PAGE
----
📰 Building a news classifier with weak supervision

In this tutorial, we will build a news classifier using rules and weak supervision:

  • 📰 For this example, we use the AG News dataset but you can follow this process to programmatically label any dataset.

  • 🤿 The train split without labels is used to build a training set with rules, Rubrix and Snorkel’s Label model.

  • 🔧 The test set is used for evaluating our weak labels, label model and downstream news classifier.

  • 🤯 We achieve 0.84 macro avg. f1-score without using a single example from the original dataset and using a pretty lightweight model (scikit-learn’s MultinomialNB).

The following diagram shows the overall process for using Weak supervision with Rubrix:

Labeling workflow


Weak supervision is a branch of machine learning where noisy, limited, or imprecise sources are used to provide supervision signal for labeling large amounts of training data in a supervised learning setting. This approach alleviates the burden of obtaining hand-labeled data sets, which can be costly or impractical. Instead, inexpensive weak labels are employed with the understanding that they are imperfect, but can nonetheless be used to create a strong predictive model. [Wikipedia]

For a broader introduction to weak supervision, as well as further references, we recommend the excellent overview by Alex Ratner et al..

This tutorial aims to be a practical introduction to weak supervision and will walk you through its entire process. First we will generate weak labels with Rubrix, combine these labels with Snorkel, and finally train a classifier with Scikit Learn.


Rubrix, is a free and open-source tool to explore, annotate, and monitor data for NLP projects.

If you are new to Rubrix, check out the ⭐ Github repository.

If you have not installed and launched Rubrix yet, check the Setup and Installation guide.

For this tutorial we also need some third party libraries that can be installed via pip:

[ ]:
%pip install snorkel datasets sklearn -qqq

1. Load test and unlabelled datasets into Rubrix

First, let’s download the ag_news data set and have a quick look at it.

[ ]:
from datasets import load_dataset

# load our data
dataset = load_dataset("ag_news")

# get the index to label mapping
labels = dataset["test"].features["label"].names
import pandas as pd

# quick look at our data
with pd.option_context('display.max_colwidth', None):
text label
0 Fears for T N pension after talks Unions representing workers at Turner Newall say they are 'disappointed' after talks with stricken parent firm Federal Mogul. 2
1 The Race is On: Second Private Team Sets Launch Date for Human Spaceflight (SPACE.com) SPACE.com - TORONTO, Canada -- A second\team of rocketeers competing for the #36;10 million Ansari X Prize, a contest for\privately funded suborbital space flight, has officially announced the first\launch date for its manned rocket. 3
2 Ky. Company Wins Grant to Study Peptides (AP) AP - A company founded by a chemistry researcher at the University of Louisville won a grant to develop a method of producing better peptides, which are short chains of amino acids, the building blocks of proteins. 3
3 Prediction Unit Helps Forecast Wildfires (AP) AP - It's barely dawn when Mike Fitzpatrick starts his shift with a blur of colorful maps, figures and endless charts, but already he knows what the day will bring. Lightning will strike in places he expects. Winds will pick up, moist places will dry and flames will roar. 3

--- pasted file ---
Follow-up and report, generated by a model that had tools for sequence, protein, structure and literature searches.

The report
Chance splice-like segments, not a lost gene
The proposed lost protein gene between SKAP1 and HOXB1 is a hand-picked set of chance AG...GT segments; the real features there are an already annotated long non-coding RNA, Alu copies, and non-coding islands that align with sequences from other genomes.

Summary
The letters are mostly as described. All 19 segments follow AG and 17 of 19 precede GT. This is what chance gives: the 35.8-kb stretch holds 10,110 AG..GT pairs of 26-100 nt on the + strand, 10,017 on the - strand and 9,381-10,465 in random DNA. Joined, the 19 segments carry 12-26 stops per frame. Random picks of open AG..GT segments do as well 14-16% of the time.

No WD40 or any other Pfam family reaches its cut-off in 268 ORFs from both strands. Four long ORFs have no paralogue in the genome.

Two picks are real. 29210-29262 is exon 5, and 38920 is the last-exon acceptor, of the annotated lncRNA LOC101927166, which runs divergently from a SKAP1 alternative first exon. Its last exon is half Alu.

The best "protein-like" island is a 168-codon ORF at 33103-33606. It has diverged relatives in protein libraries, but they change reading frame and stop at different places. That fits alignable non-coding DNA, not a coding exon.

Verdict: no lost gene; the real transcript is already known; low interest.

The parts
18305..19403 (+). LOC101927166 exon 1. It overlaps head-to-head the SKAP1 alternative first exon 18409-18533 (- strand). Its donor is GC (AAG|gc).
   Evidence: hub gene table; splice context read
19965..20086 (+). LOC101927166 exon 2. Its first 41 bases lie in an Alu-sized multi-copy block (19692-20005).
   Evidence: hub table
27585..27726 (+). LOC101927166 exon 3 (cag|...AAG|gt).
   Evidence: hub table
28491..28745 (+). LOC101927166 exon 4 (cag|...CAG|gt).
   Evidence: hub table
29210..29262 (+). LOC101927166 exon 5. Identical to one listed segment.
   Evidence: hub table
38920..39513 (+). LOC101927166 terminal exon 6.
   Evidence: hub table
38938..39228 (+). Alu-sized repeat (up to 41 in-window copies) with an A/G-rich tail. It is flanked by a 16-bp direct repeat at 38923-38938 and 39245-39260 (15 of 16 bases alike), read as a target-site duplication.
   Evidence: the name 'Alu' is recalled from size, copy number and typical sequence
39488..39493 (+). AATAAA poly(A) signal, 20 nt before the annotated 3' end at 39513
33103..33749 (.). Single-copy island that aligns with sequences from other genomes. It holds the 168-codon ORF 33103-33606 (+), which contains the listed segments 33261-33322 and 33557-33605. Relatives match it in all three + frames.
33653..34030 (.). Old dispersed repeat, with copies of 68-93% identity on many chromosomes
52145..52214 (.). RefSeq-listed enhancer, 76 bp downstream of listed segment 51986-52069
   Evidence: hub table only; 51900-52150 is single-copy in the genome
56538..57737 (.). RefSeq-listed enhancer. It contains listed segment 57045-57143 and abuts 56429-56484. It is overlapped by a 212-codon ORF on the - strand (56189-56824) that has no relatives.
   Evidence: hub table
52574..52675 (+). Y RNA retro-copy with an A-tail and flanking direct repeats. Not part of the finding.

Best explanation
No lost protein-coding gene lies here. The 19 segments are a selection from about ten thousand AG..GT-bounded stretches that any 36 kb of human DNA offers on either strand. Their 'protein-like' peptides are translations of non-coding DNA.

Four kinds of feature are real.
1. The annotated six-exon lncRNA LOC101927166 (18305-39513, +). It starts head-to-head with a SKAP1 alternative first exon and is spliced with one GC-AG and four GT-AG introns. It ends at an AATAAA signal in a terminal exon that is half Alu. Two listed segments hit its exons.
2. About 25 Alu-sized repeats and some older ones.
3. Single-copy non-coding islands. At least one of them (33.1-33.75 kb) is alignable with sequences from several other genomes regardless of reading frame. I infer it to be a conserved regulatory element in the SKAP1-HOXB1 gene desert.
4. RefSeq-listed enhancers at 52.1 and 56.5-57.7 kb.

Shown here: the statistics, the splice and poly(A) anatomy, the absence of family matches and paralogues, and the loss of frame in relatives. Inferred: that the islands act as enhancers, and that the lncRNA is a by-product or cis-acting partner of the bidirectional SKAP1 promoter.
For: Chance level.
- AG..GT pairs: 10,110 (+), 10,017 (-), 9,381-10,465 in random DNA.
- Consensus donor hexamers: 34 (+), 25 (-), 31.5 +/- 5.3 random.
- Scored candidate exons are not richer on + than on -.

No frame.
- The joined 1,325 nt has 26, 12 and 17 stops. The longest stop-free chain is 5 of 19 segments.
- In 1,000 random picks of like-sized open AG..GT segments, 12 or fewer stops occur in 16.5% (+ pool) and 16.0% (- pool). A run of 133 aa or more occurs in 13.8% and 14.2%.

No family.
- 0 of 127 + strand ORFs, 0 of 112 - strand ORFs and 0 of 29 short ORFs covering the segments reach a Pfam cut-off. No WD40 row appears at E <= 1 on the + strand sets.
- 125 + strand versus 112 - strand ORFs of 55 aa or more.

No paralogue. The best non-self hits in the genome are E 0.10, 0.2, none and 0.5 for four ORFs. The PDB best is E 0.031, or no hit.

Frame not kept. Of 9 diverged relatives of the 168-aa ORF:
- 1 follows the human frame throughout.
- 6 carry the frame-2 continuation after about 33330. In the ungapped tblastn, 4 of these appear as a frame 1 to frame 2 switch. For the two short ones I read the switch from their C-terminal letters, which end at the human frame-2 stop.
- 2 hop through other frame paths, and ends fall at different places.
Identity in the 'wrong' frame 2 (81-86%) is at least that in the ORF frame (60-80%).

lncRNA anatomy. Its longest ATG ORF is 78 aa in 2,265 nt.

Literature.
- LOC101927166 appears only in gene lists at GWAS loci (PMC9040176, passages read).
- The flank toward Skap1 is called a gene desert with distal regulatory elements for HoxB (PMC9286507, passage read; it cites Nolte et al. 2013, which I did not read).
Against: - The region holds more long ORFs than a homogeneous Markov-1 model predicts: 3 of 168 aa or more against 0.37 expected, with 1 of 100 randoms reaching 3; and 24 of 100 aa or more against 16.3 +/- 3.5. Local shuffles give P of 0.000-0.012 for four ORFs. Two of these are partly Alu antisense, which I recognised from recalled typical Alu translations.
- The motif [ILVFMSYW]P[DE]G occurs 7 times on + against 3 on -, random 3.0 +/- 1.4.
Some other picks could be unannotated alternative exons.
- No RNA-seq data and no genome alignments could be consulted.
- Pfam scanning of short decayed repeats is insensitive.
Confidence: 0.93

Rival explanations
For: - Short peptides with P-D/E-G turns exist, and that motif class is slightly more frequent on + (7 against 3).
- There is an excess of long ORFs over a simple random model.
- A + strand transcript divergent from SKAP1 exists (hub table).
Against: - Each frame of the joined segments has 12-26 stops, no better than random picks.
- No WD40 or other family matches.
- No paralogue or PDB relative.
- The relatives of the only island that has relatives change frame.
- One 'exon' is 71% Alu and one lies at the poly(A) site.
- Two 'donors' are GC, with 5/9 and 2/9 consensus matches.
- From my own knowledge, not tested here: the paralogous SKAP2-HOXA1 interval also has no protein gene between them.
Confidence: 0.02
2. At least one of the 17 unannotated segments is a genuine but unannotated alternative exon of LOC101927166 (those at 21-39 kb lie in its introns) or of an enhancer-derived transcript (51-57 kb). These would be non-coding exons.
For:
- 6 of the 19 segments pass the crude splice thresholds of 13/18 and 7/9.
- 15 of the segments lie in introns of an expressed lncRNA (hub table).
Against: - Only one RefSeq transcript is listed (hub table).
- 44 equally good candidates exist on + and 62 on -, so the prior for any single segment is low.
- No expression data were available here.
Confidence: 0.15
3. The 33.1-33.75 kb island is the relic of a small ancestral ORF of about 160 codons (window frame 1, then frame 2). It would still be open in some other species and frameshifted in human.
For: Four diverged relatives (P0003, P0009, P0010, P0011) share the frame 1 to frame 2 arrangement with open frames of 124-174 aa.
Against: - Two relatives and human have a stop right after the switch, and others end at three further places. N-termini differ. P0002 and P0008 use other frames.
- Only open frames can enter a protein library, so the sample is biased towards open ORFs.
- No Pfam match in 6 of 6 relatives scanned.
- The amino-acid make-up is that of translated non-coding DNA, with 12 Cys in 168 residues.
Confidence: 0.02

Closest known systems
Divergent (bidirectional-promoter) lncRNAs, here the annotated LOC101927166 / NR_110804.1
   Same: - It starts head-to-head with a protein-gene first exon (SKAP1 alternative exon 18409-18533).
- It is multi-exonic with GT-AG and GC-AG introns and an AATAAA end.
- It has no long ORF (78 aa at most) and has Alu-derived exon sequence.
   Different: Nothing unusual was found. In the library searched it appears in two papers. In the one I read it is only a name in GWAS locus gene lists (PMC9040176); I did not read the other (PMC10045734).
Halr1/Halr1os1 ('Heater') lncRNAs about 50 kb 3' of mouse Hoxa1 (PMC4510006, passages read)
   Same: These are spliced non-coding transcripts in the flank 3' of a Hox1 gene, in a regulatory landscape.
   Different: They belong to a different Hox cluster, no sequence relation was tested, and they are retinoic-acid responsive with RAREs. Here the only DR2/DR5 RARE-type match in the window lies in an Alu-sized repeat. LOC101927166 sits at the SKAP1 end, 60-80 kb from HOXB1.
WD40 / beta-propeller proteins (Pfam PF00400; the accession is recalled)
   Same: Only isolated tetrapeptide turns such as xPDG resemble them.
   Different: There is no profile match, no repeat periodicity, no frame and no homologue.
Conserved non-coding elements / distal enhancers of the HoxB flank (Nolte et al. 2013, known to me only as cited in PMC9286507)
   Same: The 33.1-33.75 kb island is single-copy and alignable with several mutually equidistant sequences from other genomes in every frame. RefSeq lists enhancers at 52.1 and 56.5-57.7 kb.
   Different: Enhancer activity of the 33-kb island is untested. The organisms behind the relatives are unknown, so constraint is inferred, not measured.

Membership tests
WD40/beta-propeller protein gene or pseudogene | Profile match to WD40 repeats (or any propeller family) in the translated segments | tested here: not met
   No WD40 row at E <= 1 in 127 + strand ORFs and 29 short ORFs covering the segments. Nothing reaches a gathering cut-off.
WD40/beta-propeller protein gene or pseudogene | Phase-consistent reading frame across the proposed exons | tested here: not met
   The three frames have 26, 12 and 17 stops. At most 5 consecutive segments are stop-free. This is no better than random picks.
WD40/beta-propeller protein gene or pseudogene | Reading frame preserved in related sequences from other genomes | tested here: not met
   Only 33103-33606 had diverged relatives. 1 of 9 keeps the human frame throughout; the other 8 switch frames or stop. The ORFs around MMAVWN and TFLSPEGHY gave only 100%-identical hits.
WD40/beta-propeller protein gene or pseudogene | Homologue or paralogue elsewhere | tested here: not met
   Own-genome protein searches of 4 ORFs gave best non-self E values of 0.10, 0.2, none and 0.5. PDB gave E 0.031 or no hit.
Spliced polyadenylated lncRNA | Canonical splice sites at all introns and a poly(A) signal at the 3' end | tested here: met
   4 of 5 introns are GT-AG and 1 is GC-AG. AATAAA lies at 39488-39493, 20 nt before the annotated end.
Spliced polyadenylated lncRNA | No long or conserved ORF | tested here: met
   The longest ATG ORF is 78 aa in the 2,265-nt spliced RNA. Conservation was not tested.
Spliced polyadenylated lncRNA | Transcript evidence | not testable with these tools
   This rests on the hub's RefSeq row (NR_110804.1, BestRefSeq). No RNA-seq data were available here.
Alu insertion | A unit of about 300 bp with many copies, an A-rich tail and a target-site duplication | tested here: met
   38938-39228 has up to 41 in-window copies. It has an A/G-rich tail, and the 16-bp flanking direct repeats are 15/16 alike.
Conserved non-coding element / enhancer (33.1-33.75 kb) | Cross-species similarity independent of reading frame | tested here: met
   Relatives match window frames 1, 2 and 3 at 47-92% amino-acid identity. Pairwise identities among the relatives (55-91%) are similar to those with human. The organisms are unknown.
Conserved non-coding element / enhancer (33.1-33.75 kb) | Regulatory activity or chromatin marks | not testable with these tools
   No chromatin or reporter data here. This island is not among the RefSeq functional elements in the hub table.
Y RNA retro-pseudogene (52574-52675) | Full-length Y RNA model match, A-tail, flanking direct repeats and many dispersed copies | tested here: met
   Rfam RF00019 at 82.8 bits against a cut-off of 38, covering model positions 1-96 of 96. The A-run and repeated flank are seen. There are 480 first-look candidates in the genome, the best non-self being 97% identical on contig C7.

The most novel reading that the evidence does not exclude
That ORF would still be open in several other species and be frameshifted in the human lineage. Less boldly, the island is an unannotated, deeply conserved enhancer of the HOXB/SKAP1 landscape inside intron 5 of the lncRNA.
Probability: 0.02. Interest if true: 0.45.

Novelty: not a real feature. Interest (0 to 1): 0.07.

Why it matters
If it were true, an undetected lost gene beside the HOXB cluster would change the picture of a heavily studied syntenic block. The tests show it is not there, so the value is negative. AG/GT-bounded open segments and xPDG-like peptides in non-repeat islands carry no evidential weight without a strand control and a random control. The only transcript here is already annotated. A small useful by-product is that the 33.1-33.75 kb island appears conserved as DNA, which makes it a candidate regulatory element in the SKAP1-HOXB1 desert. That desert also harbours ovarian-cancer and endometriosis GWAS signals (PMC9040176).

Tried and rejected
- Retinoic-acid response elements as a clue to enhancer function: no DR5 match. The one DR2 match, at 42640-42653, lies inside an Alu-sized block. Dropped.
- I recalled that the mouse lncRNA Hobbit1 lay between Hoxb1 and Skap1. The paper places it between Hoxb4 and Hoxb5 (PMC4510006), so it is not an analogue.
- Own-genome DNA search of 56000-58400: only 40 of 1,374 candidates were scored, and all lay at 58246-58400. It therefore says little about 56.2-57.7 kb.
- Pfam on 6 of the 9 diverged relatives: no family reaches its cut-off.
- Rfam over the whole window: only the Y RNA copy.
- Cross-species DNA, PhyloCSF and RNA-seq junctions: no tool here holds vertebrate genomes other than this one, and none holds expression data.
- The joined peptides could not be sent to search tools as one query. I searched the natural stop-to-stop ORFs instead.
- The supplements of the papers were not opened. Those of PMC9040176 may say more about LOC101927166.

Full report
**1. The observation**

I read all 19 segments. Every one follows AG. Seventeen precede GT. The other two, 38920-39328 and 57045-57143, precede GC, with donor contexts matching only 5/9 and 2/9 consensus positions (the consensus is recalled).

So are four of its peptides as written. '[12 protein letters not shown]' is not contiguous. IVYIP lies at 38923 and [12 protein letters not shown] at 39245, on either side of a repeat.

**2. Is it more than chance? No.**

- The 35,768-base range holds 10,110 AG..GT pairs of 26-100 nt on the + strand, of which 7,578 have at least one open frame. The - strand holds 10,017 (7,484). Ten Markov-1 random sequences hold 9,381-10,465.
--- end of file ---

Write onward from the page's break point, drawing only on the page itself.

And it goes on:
4 Calif. Aims to Limit Farm-Related Smog (AP) AP - Southern California's smog-fighting agency went after emissions of the bovine variety Friday, adopting the nation's first rules to reduce air pollution from dairy cow manure. 3

Now we will log the test split of our data set to Rubrix, which we will be using for testing our label and downstream models.

[ ]:
import rubrix as rb

# build our test records
records = [
        metadata={"split": "test"},
    for record in dataset["test"]

# log the records to Rubrix
rb.log(records, name="news")

In a second step we log the train split without labels. Remember, our goal is to programmatically build a training set using rules and weak supervision.

[ ]:
# build our training records without labels
records = [
        metadata={"split": "unlabelled"},
    for record in dataset["train"].select(range(5000))

# log the records to Rubrix
rb.log(records, name="news")

The result of the above is the following dataset in Rubrix, with 127,600 records (120,000 unlabelled and 7,600 for testing).

You can use the web app to find good rules for programmatic labeling!

2. Interactive weak labeling: Finding and defining rules

After logging the dataset, you can find and save rules directly with the UI. Then, you can read the rules with Python to train a label or downstream model, as we’ll see in the next step.

3. Denoise weak labels with Snorkel’s Label Model

The goal at this step is to denoise the weak labels we’ve just created using rules. There are several approaches to this problem using different statistical methods.

In this tutorial, we’re going to use Snorkel but you can actually use any other Label model or weak supervision method, such as FlyingSquid for example (see the Weak supervision guide for more details). For convenience, Rubrix defines a simple wrapper over Snorkel’s Label Model so it’s easier to use with Rubrix weak labels and datasets

Let’s first read the rules defined in our dataset and create our weak labels: